7 Things You Should Know Before Hiring Your Next Subcontractor

7 Things You Should Know Before Hiring Your Next Subcontractor

As a contractor, you know it’s your name on the line if construction is delayed or errors are made.  The client doesn’t care if mistakes are made by subcontractors, the G.C. is ultimately responsible.  This is why choosing a new subcontractor is such an important and challenging decision.  Keep in mind the following questions while investigating potential subcontractors.

 

  1. Is the company financially sound and paying vendors?

Don’t be shy about asking for financial statements from subcontractors, they are accustomed to it.   Hire financially profitable companies only.  You don’t want the worry of workers walking off of the job or materials not arriving on time because the sub is too broke to pay bills.  Look at the accounts payable figures.  If these are inflated over industry standards, this could signal that sub is not paying vendors until the job is finished.   A financially healthy company has working capital and pays vendors when the bill is due.  Also, a request from a subcontractor for payments in the form of a joint check should be a red flag.  This could be another indicator that the sub is not credit worthy.  Some contractors believe that issuing joint checks protects them from liens by unpaid suppliers.  In reality both the supplier and sub can cash one or the others checks and leave the G.C. legally holding the bag if there was no former agreement for payment distribution.  (See Crystalplex Plastics v. Redevelopment Agency of the City of Barstow)

 

  1. How does the subcontractor treat his employees?

As the old saying goes a chain is only as strong as its weakest link.  Feel free to ask employees questions on the work site.  Longevity and satisfaction say a lot about an employer.   When an employee is well paid and feels appreciated, he will perform like he is part of a team and not just clocking in hours.

 

  1. What is their record of work?

Does the sub have letters of recommendation from other general contractors?  A construction project is a complicated process and challenges ALWAYS arise, some of them at very inconvenient times.  Does the sub go beyond the call of duty when things get tough?  Do they have a reputation for being knowledgeable and consistent?  How long has the company been in business?  Any construction company that made it through the Great Recession has got to have some staying power.

 

  1. Do they show versatility?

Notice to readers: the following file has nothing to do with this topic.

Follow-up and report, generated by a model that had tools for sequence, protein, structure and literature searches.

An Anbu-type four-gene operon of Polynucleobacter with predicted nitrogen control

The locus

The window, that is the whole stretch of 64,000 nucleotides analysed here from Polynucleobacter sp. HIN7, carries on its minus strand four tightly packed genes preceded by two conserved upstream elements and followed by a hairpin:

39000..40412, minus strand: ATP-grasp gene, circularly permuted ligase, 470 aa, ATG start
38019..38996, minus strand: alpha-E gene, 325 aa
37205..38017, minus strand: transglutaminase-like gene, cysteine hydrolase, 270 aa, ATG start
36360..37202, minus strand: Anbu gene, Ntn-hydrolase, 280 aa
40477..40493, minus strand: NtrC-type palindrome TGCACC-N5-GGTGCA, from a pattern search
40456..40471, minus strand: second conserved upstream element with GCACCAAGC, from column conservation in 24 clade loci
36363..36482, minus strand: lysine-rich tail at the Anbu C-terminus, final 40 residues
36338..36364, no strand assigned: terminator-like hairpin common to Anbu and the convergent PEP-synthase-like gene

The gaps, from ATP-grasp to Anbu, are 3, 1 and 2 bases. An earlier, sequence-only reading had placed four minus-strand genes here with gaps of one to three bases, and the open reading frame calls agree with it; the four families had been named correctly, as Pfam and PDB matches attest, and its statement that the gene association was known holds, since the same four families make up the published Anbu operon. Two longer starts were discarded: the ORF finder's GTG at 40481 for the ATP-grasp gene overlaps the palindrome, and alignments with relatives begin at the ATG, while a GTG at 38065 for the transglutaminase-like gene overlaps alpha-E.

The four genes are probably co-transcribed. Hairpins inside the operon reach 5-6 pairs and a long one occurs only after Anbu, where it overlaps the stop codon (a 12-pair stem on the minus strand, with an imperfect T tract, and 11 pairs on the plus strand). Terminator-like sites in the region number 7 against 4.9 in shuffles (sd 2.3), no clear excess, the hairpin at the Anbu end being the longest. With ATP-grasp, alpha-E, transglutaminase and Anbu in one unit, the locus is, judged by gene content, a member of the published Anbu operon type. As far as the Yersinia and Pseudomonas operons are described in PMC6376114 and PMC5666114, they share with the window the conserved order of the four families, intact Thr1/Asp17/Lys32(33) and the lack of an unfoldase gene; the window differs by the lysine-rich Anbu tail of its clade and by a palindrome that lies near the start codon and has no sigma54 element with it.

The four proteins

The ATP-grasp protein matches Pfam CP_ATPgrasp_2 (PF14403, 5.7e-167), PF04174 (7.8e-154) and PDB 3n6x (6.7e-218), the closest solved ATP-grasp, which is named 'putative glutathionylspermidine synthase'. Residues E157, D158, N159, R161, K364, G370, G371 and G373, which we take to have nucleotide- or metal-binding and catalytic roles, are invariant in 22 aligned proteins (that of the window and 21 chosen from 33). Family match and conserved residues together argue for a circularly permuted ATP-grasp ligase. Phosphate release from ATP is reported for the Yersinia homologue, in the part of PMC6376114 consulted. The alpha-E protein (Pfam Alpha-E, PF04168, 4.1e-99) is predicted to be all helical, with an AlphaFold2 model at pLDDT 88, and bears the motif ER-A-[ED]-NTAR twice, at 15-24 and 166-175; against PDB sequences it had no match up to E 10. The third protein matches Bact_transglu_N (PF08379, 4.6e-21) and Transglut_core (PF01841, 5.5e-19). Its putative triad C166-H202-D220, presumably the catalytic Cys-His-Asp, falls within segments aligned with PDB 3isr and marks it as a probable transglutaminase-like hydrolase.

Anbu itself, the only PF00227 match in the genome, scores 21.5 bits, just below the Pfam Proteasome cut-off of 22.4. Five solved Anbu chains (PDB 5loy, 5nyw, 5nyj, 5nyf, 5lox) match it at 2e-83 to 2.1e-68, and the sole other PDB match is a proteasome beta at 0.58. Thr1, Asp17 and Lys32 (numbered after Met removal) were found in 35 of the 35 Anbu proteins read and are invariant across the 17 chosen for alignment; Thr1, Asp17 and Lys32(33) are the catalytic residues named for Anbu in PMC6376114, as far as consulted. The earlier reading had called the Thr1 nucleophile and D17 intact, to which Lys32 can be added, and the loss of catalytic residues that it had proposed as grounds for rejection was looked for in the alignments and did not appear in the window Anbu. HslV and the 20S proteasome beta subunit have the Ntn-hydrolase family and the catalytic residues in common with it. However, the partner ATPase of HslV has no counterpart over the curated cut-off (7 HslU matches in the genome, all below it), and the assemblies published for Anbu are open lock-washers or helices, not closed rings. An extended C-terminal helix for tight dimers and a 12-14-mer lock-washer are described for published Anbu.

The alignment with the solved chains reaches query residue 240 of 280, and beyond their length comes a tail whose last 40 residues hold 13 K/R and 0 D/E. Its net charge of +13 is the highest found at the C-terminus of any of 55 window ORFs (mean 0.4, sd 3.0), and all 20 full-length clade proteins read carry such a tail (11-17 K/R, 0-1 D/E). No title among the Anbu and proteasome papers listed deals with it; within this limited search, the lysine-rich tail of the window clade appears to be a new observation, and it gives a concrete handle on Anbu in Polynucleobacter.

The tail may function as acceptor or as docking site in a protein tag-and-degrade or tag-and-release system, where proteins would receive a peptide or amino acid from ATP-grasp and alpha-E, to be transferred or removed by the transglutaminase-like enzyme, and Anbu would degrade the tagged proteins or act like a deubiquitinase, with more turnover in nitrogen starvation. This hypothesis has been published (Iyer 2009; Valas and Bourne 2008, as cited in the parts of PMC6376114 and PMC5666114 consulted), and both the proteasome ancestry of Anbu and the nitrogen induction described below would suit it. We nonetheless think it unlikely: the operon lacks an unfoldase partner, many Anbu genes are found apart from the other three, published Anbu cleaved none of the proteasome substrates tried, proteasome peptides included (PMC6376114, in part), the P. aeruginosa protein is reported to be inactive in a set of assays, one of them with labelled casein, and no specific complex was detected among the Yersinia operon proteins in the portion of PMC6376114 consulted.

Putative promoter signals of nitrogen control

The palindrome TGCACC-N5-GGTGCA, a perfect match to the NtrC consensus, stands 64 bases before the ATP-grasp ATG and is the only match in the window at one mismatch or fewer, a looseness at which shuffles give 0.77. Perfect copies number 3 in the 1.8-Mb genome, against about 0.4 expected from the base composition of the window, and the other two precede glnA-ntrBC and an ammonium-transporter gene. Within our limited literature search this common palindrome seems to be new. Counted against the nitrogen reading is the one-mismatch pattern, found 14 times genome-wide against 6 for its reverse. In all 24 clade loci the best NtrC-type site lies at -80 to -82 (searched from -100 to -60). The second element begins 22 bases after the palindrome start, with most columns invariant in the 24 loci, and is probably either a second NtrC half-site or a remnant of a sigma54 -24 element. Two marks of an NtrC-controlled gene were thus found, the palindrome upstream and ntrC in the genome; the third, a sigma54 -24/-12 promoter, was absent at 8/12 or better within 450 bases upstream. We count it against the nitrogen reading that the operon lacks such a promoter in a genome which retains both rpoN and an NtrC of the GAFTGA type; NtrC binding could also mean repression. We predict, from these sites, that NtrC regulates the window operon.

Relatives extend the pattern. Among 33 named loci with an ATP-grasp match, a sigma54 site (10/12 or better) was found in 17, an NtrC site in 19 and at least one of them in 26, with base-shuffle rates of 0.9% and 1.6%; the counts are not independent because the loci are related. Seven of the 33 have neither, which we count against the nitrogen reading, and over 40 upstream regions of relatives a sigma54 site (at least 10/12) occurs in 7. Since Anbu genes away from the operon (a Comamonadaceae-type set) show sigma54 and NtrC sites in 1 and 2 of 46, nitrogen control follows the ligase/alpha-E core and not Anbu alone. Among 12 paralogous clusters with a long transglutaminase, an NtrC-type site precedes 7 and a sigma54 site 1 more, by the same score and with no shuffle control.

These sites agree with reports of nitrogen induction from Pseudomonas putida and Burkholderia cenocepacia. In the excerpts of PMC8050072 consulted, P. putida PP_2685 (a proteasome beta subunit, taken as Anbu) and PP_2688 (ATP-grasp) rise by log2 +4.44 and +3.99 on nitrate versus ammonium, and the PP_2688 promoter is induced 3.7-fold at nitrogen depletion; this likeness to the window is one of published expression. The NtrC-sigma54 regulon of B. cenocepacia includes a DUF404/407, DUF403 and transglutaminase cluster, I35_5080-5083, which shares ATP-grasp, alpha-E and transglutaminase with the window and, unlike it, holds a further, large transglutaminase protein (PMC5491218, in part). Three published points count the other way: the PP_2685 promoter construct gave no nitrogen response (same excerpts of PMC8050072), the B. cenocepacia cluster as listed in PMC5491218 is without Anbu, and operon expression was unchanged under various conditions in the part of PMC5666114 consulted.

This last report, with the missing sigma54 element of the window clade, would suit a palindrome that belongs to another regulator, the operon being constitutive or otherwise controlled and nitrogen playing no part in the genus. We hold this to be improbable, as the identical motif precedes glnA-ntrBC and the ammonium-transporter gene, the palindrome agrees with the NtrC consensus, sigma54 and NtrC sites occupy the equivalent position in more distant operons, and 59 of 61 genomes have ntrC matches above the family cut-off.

Does the subcontractor have a variety of projects and markets under their belt? It is one thing to work in new construction but perhaps another set of skills to do the delicate work required for historical restoration or renovation.   A well rounded company should be experienced in many types of environments, a sign that they have seen it all.

 

  1. Are their workers skilled?

A company that wants a solid work team hires smart individuals who are thinkers and problem solvers first.  This can be evidenced by the amount of licensing and certification that employees carry.   Does the company have a program of apprenticeship or mentoring to show that education is important to them?

 

  1. Is the company up to date in its use of technology?

Lean construction requires the use of updated technology solutions like BIM (Building Information Modeling), Trimble, IPads in the field etc.  These technologies are assets that support your client’s business outcomes.  Clashes with other trades can be avoided, schedules tightened, and real time collaboration between engineers and the field cuts rework.   Make sure that your sub can provide these money saving services.

 

  1. Is the subcontractor bonded and insured?

Should anything fall through on the subcontractor’s end, they should have enough bonding to cover your losses.  Losses covered by a surety bond generally include: failure to adequately perform or finish the job, payments not made to vendors, and missing permits or licensing.  Know the value of your project and ask for the appropriate amount of bonding.  Subcontractor liability insurance usually covers bodily injury or damage to the property being constructed.  Subcontractor’s should also carry worker’s compensation.  Ask for proof of coverage and make sure that it is all up to date.

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